Many of his most interesting experiences, and doubtless some of his happiest days, were lived on that homestead. The place to which he brought his wife when he married was a sod house 12 by 16 feet. As a team they had a pair of broncho ponies. Other possessions consisted of a second-hand wagon, and the furniture comprised a cook stove, a home-made table, cupboard, bedstead and four chairs. The farming implements comprised two plows, a harrow and a half interest in a walking lister. The shelter for the ponies was a rough frame structure covered over with corn stalks. Their well was a barrel sunk into the bed of the creek which crossed a corner of their claim. Important sources of living were the milk and butter supplied by two cows, and the eggs produced by a small colony of chickens were sold and enabled them to buy their groceries. Besides looking after his homestead Mr. Reece also spent a considerable time herding a flock of sheep for a neighbor at 50 cents a day. On the whole he was well prospered on his original homestead, and when he sold at the end of eight years he possessed over $1,500 in cash, thirty-one head of cows and ten horses.

From the homestead he moved to his present location, buying half of section 36, township 30, range 40. Later he bought the southeast quarter of section 25 and now has a complete section, all fenced and devoted to farming and stock raising. He is a breeder of Hereford cattle and Percheron horses, and usually runs from 150 to 225 head of cattle and over fifty horses. His business as a horseman has been an important factor in his general prosperity. The Reece home is one of the most commodious and comfortable in the entire county. It is well built and well furnished, a house of nine rooms.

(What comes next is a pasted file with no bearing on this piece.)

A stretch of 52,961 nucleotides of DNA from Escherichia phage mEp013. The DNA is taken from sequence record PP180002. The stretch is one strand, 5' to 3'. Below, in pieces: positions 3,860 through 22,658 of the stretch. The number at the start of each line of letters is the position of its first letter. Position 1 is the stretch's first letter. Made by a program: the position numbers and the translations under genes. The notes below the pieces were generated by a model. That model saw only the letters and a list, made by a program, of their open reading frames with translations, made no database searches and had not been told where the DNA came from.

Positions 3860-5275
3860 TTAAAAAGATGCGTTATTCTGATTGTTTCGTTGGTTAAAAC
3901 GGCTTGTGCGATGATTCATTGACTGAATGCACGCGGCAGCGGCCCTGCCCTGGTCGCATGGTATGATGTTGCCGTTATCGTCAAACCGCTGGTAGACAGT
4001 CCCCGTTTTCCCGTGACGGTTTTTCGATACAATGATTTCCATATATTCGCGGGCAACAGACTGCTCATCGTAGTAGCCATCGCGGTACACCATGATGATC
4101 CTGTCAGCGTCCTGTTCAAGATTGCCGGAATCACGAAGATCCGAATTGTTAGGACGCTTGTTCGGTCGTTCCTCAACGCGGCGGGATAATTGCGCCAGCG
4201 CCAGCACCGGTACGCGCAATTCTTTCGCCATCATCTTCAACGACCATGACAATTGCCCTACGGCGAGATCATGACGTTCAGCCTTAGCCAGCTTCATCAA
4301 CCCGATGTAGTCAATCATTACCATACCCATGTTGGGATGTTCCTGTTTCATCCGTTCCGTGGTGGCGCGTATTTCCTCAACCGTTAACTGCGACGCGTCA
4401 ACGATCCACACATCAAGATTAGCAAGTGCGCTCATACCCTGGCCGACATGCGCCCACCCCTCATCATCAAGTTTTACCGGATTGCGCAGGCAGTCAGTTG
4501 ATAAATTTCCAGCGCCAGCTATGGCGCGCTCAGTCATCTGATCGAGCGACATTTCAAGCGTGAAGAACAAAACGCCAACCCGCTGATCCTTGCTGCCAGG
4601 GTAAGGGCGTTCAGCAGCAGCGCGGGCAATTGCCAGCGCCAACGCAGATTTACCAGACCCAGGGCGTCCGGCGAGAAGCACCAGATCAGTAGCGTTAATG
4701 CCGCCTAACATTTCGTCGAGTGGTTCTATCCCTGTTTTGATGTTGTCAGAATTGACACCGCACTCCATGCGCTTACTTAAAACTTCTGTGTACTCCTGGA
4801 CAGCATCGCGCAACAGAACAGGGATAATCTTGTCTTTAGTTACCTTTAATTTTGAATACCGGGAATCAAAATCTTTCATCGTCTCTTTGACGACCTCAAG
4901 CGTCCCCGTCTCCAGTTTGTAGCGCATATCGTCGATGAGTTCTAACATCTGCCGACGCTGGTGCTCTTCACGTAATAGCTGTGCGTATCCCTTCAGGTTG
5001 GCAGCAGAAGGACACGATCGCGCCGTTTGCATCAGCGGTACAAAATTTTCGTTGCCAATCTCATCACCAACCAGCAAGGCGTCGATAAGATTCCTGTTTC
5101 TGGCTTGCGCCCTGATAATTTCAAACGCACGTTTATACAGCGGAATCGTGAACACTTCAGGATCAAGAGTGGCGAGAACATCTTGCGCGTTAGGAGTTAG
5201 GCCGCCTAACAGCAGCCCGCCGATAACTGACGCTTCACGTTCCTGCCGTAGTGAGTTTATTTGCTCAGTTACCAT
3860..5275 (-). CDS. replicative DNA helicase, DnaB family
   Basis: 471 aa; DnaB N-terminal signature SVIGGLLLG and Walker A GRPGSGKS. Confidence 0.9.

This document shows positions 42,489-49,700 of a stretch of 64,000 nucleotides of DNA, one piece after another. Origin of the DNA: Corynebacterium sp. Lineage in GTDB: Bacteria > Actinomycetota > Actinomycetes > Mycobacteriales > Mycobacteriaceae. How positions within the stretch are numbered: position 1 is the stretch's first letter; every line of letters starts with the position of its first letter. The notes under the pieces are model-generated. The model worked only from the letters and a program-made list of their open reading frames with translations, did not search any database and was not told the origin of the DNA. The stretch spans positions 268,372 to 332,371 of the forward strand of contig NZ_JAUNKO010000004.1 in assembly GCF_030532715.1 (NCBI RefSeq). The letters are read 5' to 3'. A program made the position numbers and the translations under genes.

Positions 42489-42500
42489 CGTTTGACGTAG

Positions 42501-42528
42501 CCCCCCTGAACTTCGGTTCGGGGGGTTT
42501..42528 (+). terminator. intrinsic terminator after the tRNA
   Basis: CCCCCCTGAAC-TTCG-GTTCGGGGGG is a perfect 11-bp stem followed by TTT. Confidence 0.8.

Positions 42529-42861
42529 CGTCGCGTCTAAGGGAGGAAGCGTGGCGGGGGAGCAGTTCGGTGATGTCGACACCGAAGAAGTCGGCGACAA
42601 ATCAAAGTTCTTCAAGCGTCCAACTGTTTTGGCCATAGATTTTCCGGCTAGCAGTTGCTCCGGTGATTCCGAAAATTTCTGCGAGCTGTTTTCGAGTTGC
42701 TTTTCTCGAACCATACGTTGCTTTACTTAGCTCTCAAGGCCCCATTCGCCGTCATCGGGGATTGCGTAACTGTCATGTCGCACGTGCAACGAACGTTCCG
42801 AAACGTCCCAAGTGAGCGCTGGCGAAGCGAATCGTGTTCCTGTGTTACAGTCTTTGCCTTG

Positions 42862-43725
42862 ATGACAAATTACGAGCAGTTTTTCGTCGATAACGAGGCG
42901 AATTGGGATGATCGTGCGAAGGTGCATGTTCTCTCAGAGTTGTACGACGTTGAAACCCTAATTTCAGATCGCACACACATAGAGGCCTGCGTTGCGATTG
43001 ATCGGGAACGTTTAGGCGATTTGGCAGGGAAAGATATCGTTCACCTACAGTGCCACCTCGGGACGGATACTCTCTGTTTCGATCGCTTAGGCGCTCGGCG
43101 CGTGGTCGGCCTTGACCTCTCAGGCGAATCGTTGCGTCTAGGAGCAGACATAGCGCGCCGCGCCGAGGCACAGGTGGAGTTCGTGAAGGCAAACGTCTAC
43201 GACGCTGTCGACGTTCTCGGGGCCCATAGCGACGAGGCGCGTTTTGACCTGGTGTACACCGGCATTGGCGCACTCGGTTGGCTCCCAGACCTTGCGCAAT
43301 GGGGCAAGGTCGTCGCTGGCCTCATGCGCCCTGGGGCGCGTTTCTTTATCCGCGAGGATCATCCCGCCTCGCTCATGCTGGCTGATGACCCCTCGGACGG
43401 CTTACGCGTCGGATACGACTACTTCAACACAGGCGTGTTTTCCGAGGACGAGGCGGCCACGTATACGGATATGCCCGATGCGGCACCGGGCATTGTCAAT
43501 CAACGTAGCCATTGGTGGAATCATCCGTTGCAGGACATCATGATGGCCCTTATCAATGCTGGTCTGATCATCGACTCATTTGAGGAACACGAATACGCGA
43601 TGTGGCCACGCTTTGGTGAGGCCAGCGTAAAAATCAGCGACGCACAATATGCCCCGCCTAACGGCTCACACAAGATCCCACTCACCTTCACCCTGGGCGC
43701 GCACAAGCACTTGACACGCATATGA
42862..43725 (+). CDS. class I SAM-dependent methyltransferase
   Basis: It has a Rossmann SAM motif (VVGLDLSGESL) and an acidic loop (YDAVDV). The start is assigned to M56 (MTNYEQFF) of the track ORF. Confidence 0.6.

While his private affairs have made heavy demands upon his time and attention Mr. Reece has not neglected the public welfare and has played the part of a public spirited citizen. He has served as an officer of school district No. 31 since its organization, and has also been township treasurer and township trustee. Politically he is a republican, casting his first vote for Major McKinley in 1896. He and his wife are loyal members of the Friends Church.

On January 23, 1894, in Stanton County, Mr. Reece married Miss Maggie Trimble, daughter of Ephraim and Jane (Duncan) Trimble. Her maternal grandfather, John Duncan, was a native of Ireland and of Scotch ancestry. Ephraim Trimble was born in Pennsylvania, was in Kansas during territorial days and passed over the site of Topeka before that became a town. He was last heard of while working on the World's Fair buildings in Chicago about 1892. Mrs. Trimble brought the family into Stanton County in 1887, took a homestead and is still living there. Her children were: Annie B., who lives in Stanton County, widow of John Stewart; William, of Stanton County; John C., of Goldfield, Nevada: Albert S., of Missoula, Montana; Eliza J., who died in May, 1917, the wife of George W. Julian; and Mrs. Reece, who was born within a few miles of Pittsburgh, Pennsylvania, August 8, 1872. The children of Mr. and Mrs. Reece are: Versa J., Cora E., J. Gilbert, Hazel A., Glenn A., C. Munden and William S. Versa is the wife of Guy Harvey, of Hugoton, Kansas. Cora married Paul Fisher, of Springfield, Colorado, and has a daughter, Lillian. Hazel is being educated in high school at Fowler, Kansas. The sons are all farmers of the home community.


Page 2179.


Transcribed from A Standard History of Kansas and Kansans, written and compiled by William E. Connelley, Secretary of the Kansas State Historical Society, Topeka. [Revised ed.] Chicago: Lewis Publishing Co., 1919, c1918. 5 v. (xlviii, 2530 p., [155] leaves of plates): ill., maps (some fold.), ports.; 27 cm.

Volume 5 - Table of Contents

Tom & Carolyn Ward